BOSTON - Marlon Anderson has learned that you can't win for losing.
Anderson spent the 2003 season with the Devil Rays, playing almost every day, putting up some of the best numbers of his career, losing 99 games and starting the offseason early.
Anderson spent the 2004 season with the Cardinals, playing only occasionally, putting up mediocre numbers, winning 105 games and starting Game 2 of the World Series at DH.
"I feel better right now than I did last year playing every day, I can tell you that right now," Anderson said.
"I've played every day and had my stats and whatever, but you lose 99 games and come October you're headed home. This year I had only 250 at-bats, but I had some big pinch-hit home runs that helped win some games, I made some big defensive plays, I was able to contribute in different areas. The bottom line was that we won 105 games and I felt like I was a tremendous part of the team."
Let go by the Rays, Anderson signed with the Cardinals figuring he had a shot to be their starting second baseman. That changed when they acquired Tony Womack in a spring training trade, but Anderson remained in manager Tony La Russa's plans as a valuable utility man and remained upbeat.
"I think that was one of the neatest things that happened on our club, because he came in to contest for a regular second-base job, and then we had a chance at Tony, and I've seen that happen on our club and other clubs: A guy goes in a 180-degree different direction and just pouts and he's a problem and you have to get rid of him, or you just keep him and he's just negative," La Russa said.
"I think we all have admired how mentally tough he dealt with it. It isn't a fun job, but it was on a good team, and he probably enjoyed that part of it."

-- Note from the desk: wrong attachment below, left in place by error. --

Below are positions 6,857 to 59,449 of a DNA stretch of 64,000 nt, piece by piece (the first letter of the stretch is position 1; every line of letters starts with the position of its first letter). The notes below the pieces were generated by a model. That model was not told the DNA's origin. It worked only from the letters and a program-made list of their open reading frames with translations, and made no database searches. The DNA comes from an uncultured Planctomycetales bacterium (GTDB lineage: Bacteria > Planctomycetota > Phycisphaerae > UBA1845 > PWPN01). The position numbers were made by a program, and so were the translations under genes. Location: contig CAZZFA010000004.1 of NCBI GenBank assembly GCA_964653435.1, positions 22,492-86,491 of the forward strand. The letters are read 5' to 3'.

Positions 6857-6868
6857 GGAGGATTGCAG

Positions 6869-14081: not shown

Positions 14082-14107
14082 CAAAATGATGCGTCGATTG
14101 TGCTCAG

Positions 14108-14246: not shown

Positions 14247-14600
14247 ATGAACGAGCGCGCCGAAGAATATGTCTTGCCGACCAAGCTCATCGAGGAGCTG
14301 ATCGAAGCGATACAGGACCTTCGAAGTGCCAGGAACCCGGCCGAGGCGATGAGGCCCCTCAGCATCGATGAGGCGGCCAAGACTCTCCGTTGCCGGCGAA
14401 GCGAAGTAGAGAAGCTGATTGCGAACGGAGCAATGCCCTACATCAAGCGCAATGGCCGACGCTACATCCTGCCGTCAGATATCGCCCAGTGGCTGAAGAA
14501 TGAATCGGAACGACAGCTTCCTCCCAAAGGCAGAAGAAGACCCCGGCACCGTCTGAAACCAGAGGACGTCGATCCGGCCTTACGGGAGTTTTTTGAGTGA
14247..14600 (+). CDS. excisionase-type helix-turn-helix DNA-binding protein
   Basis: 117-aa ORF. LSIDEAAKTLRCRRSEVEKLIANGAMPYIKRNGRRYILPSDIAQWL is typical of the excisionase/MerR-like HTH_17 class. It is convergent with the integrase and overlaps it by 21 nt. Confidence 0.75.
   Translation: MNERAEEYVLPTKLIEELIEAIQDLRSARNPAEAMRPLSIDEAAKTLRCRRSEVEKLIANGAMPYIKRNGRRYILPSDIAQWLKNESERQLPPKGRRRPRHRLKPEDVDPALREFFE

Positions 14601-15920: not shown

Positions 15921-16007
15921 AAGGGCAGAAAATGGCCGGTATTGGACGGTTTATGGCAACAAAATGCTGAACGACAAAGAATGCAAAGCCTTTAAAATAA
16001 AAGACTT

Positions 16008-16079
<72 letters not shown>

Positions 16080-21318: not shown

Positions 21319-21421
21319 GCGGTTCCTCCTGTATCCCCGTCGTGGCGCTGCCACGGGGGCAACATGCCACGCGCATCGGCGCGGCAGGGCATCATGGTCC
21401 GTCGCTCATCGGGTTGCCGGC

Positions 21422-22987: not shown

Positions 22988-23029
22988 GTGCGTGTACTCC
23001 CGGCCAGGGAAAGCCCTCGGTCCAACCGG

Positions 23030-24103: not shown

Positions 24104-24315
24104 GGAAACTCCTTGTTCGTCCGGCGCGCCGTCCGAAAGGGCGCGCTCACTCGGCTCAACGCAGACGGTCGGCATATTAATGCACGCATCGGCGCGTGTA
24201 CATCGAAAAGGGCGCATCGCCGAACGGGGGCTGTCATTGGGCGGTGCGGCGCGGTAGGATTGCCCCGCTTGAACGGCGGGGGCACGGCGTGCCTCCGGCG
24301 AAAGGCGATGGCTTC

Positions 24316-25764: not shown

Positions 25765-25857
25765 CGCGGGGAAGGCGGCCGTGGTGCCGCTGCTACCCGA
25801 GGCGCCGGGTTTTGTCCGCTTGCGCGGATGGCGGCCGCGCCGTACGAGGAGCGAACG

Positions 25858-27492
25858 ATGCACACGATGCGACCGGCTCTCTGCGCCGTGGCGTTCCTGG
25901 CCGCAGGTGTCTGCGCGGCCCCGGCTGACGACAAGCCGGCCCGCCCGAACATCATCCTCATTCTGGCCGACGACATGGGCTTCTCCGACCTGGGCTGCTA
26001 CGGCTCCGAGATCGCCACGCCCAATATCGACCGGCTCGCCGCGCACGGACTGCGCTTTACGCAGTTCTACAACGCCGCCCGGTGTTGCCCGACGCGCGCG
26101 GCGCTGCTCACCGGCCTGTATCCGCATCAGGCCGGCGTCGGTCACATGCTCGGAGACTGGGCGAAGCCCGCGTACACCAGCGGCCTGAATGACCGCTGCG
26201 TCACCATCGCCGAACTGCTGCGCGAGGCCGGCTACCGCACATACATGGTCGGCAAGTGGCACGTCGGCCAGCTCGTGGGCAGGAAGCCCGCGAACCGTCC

Anderson played in 113 games, mostly as a reserve. He made 25 starts at second, 24 in the outfield and one at DH. He even filled in a couple of times at first base.
Sunday night, he started at DH, primarily because of his familiarity with Boston starter Curt Schilling (3-for-10 with no strikeouts, and a stint as teammates in Philadelphia) and his speed. He may get more playing time as the Series goes on depending on the condition of Womack, who is trying to stay in the lineup despite being struck on the collarbone by a ball during Saturday's game and experiencing severe back spasms.
Like the rest of the Cardinals, Anderson couldn't do much with Schilling, going 0-for-2 against him and leaving for pinch-hitter So Taguchi in the seventh.
Last year with the Rays, Anderson had the security of a somewhat regular job. This year, he has something better.
"I've played a little bit of everything, which is pretty amazing," Anderson said. "Nothing beats that winning feeling, going out and having that chance to win every day."